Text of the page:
■ Brexit opens up new horizons: London can turn to and partner with emerging markets such as China and Brazil and other non-EU markets. New agreements will boost jobs, taxes and the financial services surplus that will more than offset any impact from leaving the EU. These opportunities include Islamic finance, masala bonds, renmimbi trading, green finance and fintech.

10-point summary of the pessimistic outlook for Brexit

■ None of the solutions put forward as an alternative to existing membership of the single market provide anything like the same level of access or certainty which many UK-based firms currently use to access markets and clients in the EU (and vice versa) and none of the alternatives would realistically be concluded within two years from triggering Article 50. This means that the UK government and the industry will have to invest a huge amount of time developing a ‘next best’ solution.

■ Whatever settlement is agreed, the UK will have to negotiate a transitional arrangement to minimise the short-term disruption to the industry. However, even with a transitional arrangement in place, many firms will have to put contingency plans into action to ensure that they have continued access to the EU regardless of the final agreement.

■ Losing access to the single market means that many UK-based firms will need to set up subsidiaries with their own capital and risk management, which would entail substantial costs and disruption to them and their clients. Some operation and jobs will move to the EU as well as to the US. This will cost many thousands of jobs, along with lost tax revenues, spending power and economic output.

■ The UK would lose influence over the future direction of the capital markets on its doorstep, which represent the biggest market for many firms based in the UK. Without a seat at the table, it would lose influence over future EU regulation (but may have to implement it).

■ Continued membership of the single market via the EEA was never politically achievable nor desirable, as the UK would have to accept all four freedoms of movement (goods, workers, services, capital) and contribute to the EU budget without having a say on existing or future legislation.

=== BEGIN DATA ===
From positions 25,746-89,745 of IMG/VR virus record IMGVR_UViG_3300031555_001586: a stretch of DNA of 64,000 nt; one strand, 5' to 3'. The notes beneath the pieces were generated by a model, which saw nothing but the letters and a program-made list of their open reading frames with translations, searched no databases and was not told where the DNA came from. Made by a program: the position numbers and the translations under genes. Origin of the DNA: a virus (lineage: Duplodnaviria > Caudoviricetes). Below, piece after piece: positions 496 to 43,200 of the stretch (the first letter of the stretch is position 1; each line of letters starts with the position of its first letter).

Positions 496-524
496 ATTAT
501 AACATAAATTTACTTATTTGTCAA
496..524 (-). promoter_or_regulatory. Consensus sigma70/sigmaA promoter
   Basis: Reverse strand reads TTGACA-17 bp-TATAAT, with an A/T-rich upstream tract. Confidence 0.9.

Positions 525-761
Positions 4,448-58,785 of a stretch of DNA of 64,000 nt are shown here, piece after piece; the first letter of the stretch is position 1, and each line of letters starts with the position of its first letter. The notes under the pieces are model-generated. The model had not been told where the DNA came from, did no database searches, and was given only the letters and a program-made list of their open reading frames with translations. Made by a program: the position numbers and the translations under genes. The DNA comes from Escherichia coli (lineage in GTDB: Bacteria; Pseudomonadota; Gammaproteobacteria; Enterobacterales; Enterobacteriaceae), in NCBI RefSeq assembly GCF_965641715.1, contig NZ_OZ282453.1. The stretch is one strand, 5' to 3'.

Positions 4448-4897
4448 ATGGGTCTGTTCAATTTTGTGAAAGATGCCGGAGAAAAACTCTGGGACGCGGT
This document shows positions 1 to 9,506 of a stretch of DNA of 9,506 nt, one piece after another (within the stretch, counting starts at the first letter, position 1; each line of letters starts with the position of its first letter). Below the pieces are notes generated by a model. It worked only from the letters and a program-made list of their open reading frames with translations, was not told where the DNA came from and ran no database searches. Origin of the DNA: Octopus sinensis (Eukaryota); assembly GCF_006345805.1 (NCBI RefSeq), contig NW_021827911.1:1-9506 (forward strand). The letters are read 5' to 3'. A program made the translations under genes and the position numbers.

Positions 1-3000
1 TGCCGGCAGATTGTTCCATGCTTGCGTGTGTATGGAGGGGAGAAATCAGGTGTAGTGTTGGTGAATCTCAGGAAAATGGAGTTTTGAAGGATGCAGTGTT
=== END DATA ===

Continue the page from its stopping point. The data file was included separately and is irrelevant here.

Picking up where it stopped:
■ Equivalence is not a panacea: it does not grant full access to the single market, requires a degree of compliance with existing and future legislation with minimal input, is not available across all EU financial regulation and can be withdrawn if and when EU and UK regulations diverge over time. Proposals for some form of enhanced equivalence based on global standards are welcome but are likely to take many years to agree.

■ Swiss-type and other types of FTAs involve a series of bilateral agreements in which negotiations can take many years. There is no precedent where access similar to the one provided by passporting has been granted and requirements for financial institutions are usually strict. If a bilateral agreement is not achieved, WTO rules will apply and EU’s services commitments with WTO are not generous.

■ Wholesale deregulation of UK markets is not a realistic prospect: UK firms will still need to comply with EU regulations when they transact in the EU; most regulation will stay in place as the UK has played a huge role in formulating EU financial services regulation; many rules stem from international bodies such as the FSB and G20; and, in many cases, UK authorities have been stricter than their EU counterparts. There is a fundamental trade-off between deregulation and equivalence: London can either try to enhance its position as an international financial centre by deregulating in order to increase its share of non-EU business or remain equivalent to EU rules to retain some access to the single market.

■ UK financial firms will not be protected against discrimination from other member states by EU institutions. By leaving the EU, the UK authorities and UK-based firms will also lose some of their international bargaining power in international forums such as the G20 and FSB.

The industry could lose access to EU markets just as the EU economy begins to recover and the EU27 push ahead with closer integration and capital markets union.

■ At the same time, the UK would lose automatic access to the large pool of EU talent in financial services: EU nationals represent as much as a quarter of staff in sectors such as private equity, hedge funds and investment banking.